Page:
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       gettimeofday, settimeofday - get / set time


       #include <sys/time.h>

       int gettimeofday(struct timeval *tv, struct timezone *tz);

       int settimeofday(const struct timeval *tv, const struct timezone *tz);

   Feature Test Macro Requirements for glibc (see feature_test_macros(7)):

       settimeofday(): _BSD_SOURCE


       The  functions  gettimeofday()  and  settimeofday() can get and set the
       time as well as a timezone.  The tv argument is a  struct  timeval  (as
       specified in <sys/time.h>):

           struct timeval {
               time_t      tv_sec;     /* seconds */
               suseconds_t tv_usec;    /* microseconds */

       and  gives  the number of seconds and microseconds since the Epoch (see
       time(2)).  The tz argument is a struct timezone:

           struct timezone {
               int tz_minuteswest;     /* minutes west of Greenwich */
               int tz_dsttime;         /* type of DST correction */

       If either tv or tz is NULL, the corresponding structure is not  set  or
       returned.  (However, compilation warnings will result if tv is NULL.)

       The  use  of the timezone structure is obsolete; the tz argument should
       normally be specified as NULL.  (See NOTES below.)

       Under Linux, there are some peculiar "warp clock" semantics  associated
       with  the  settimeofday()  system call if on the very first call (after
       booting) that has a non-NULL tz argument, the tv argument is  NULL  and
       the  tz_minuteswest  field is nonzero.  (The tz_dsttime field should be
       zero for this case.)  In such a case it is assumed that the CMOS  clock
       is  on  local time, and that it has to be incremented by this amount to
       get UTC system time.  No doubt it is a bad idea to use this feature.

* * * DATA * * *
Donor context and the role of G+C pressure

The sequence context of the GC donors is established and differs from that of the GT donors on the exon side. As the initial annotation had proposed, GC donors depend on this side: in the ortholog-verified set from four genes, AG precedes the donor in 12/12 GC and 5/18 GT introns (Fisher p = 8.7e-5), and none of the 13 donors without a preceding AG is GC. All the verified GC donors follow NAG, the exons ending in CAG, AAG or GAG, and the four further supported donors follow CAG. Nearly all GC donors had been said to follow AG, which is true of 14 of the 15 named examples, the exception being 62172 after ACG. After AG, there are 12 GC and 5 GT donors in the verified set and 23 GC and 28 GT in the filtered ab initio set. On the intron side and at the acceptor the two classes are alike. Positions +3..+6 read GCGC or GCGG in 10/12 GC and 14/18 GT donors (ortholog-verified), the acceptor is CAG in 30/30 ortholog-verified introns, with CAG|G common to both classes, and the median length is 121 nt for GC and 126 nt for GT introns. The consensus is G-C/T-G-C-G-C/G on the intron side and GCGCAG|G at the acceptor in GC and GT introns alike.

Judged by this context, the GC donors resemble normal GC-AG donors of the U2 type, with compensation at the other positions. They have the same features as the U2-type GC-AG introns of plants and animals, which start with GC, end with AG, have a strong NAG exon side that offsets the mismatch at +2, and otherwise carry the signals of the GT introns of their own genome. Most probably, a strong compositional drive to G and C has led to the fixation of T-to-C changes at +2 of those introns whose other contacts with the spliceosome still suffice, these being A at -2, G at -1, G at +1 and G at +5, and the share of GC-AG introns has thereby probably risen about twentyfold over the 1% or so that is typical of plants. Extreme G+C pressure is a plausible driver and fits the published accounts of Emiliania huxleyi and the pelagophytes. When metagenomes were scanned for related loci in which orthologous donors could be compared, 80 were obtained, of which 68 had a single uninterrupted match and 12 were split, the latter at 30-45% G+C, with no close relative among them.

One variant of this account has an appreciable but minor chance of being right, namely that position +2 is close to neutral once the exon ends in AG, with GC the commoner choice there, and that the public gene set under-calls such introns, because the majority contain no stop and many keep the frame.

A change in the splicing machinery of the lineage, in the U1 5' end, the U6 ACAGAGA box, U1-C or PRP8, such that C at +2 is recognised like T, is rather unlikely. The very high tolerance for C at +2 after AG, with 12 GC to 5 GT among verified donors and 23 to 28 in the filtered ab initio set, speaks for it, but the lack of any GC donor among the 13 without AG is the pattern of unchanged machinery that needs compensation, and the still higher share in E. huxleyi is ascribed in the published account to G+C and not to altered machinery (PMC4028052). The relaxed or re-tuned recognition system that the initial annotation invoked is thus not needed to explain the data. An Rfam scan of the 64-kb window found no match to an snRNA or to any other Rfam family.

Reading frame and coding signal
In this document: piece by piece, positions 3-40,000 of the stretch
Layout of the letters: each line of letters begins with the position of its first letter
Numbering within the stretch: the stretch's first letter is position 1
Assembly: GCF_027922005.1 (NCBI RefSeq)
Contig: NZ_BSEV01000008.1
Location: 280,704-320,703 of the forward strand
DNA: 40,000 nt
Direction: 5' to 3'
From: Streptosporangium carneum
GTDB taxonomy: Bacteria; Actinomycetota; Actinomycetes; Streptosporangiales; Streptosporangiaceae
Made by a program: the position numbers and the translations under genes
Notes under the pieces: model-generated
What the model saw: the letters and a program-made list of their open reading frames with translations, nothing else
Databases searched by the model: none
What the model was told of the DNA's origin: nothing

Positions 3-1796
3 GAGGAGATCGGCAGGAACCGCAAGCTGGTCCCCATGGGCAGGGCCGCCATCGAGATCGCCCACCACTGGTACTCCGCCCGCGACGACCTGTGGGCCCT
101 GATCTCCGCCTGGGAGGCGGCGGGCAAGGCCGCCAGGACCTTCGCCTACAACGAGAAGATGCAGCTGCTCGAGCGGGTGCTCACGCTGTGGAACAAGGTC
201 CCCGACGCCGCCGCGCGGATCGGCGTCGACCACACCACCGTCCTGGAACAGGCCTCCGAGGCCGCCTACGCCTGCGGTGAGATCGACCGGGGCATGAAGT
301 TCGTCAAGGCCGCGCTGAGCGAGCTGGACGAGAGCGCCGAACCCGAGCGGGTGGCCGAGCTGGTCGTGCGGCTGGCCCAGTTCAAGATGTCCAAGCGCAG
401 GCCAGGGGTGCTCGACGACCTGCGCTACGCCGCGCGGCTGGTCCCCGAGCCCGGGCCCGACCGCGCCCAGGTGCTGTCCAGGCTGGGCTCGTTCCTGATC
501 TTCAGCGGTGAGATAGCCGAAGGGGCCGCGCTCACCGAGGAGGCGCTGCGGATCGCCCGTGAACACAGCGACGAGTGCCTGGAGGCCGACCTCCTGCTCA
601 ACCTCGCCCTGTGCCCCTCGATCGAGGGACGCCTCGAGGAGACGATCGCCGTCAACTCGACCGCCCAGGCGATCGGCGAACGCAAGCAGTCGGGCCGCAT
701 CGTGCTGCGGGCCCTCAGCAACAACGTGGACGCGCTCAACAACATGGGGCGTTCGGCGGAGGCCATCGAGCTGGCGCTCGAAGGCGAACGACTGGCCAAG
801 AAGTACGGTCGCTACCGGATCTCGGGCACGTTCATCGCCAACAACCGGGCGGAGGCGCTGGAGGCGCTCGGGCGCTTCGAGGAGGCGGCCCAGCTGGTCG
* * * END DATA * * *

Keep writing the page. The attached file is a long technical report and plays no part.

gettimeofday() and settimeofday() return  0  for  success,  or  -1  for
       failure (in which case errno is set appropriately).


       EFAULT One of tv or tz pointed outside the accessible address space.

       EINVAL Timezone (or something else) is invalid.

       EPERM  The   calling   process   has  insufficient  privilege  to  call
              settimeofday();  under  Linux  the  CAP_SYS_TIME  capability  is


       SVr4,   4.3BSD.    POSIX.1-2001   describes   gettimeofday()   but  not
       settimeofday().   POSIX.1-2008  marks   gettimeofday()   as   obsolete,
       recommending the use of clock_gettime(2) instead.


       The  time returned by gettimeofday() is affected by discontinuous jumps
       in the system time (e.g., if the system administrator manually  changes
       the  system  time).   If you need a monotonically increasing clock, see

       Macros  for  operating  on  timeval   structures   are   described   in

       Traditionally, the fields of struct timeval were of type long.

   The tz_dsttime field
       On  a  non-Linux  kernel,  with  glibc,  the tz_dsttime field of struct
       timezone will be set to  a  nonzero  value  by  gettimeofday()  if  the
       current  timezone  has  ever  had  or  will have a daylight saving rule
       applied.  In this sense it exactly mirrors the meaning  of  daylight(3)
       for  the  current  zone.   On  Linux,  with  glibc,  the setting of the
       tz_dsttime  field  of  struct  timezone  has   never   been   used   by
       settimeofday()  or  gettimeofday().   Thus,  the following is purely of
       historical interest.

       On old systems, the  field  tz_dsttime  contains  a  symbolic  constant
       (values  are  given  below)  that  indicates  in which part of the year
       Daylight Saving Time is  in  force.   (Note:  this  value  is  constant
       throughout the year: it does not indicate that DST is in force, it just
       selects an algorithm.)  The daylight saving time algorithms defined are
       as follows:

           DST_NONE     /* not on DST */
           DST_USA      /* USA style DST */
           DST_AUST     /* Australian style DST */
           DST_WET      /* Western European DST */
           DST_MET      /* Middle European DST */
           DST_EET      /* Eastern European DST */
           DST_CAN      /* Canada */
           DST_GB       /* Great Britain and Eire */
           DST_RUM      /* Romania */
           DST_TUR      /* Turkey */
           DST_AUSTALT  /* Australian style with shift in 1986 */

       Of  course  it turned out that the period in which Daylight Saving Time
       is in force cannot be given by a simple  algorithm,  one  per  country;
       indeed, this period is determined by unpredictable political decisions.
       So this method of representing timezones has been abandoned.


       date(1), adjtimex(2), clock_gettime(2),  time(2),  ctime(3),  ftime(3),
       timeradd(3), capabilities(7), time(7), vdso(7)


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